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Ancient trade between India and Indonesia

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Science  12 Sep 2014:
Vol. 345, Issue 6202, pp. 1255
DOI: 10.1126/science.345.6202.1255

In his News feature “Sailing Sinbad's seas” (27 June, p. 1440), A. Lawler describes the development of the Indian Ocean trade from the 5th century B.C.E. to the 8th century C.E. The map (p. 1441) indicates that Indonesia and Island Southeast Asia joined these networks in the 8th century C.E. Archaeological data from the islands of Bali, Java, and Sumatra show that sea trade in this region began 900 years earlier.

Excavations at the late prehistoric sites of Sembiran and Pacung on the northern coast of Bali (1, 2) have produced high counts of fine Indian pottery with specific parallels from the 2nd and 1st centuries B.C.E. in India, Sri Lanka, as far west as the Red Sea in Egypt (3, 4), and in Southeast Asia, including peninsular Thailand (5), the Indonesian island of Java (6), and Vietnam (7).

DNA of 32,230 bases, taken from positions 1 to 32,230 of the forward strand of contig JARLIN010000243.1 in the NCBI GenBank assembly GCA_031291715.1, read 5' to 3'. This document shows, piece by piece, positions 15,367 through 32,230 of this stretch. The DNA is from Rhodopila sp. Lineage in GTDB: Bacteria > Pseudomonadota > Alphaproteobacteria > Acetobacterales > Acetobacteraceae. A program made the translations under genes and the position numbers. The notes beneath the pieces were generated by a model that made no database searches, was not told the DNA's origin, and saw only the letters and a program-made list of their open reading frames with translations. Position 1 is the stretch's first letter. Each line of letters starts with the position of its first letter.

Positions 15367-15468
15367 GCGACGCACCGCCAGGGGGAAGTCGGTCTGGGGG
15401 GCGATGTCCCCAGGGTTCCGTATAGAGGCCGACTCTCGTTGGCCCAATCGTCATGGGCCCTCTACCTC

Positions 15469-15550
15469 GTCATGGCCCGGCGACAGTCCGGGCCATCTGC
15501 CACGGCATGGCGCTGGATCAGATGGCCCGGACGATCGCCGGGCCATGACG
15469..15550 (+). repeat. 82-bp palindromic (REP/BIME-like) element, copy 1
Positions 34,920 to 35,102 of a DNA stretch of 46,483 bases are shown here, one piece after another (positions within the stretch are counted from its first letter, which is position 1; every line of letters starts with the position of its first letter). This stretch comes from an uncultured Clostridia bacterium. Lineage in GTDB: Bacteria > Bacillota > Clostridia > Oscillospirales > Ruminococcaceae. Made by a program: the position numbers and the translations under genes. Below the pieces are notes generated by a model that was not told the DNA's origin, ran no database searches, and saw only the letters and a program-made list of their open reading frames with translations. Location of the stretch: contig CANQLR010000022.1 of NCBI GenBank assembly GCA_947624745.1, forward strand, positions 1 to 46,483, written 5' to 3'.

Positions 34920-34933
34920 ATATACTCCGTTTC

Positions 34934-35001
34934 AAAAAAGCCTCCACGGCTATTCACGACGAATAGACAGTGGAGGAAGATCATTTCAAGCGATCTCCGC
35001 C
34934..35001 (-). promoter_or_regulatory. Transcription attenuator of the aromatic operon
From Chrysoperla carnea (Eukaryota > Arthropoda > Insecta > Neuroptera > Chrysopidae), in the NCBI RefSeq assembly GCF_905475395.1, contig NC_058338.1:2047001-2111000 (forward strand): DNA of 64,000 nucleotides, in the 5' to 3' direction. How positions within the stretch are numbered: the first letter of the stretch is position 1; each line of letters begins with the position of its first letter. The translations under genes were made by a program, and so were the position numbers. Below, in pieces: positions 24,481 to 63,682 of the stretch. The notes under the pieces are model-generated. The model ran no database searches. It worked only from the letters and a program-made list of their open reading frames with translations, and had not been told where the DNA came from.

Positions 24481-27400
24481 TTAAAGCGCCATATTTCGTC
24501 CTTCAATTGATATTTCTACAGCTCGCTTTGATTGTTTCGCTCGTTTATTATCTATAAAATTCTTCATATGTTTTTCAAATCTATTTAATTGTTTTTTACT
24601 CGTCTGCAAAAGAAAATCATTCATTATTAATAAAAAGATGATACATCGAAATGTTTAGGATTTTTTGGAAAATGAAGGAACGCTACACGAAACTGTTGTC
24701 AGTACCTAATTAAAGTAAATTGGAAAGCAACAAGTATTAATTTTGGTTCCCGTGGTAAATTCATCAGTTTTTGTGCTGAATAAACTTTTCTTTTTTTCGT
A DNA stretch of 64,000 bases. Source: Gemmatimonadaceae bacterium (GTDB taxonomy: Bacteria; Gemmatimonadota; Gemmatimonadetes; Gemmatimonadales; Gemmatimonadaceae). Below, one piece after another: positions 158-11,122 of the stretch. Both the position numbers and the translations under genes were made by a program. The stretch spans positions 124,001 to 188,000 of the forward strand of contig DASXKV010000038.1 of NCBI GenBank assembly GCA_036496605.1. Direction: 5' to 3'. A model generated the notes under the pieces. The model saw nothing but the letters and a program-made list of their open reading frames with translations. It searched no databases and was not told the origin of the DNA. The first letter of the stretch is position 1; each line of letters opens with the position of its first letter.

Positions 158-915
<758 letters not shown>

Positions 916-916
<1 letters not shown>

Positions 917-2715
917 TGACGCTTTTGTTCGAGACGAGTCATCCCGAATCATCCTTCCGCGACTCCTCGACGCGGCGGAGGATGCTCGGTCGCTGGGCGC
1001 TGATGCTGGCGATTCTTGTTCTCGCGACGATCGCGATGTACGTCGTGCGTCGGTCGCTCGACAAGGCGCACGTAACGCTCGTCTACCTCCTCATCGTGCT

Simultaneous contacts with India and mainland Southeast Asia some 2000 years ago have been documented since the first excavations at Sembiran and Pacung, and 2nd century B.C.E. to 1st century C.E. dates were later obtained from Pacung burials (8, 9). (My team's recent excavations seem consistent with these results.) These dates match the 2nd century B.C.E. to 3rd century C.E. dating of burial layers containing fine Indian pottery at the site of Batujaya in northwestern Java (6).

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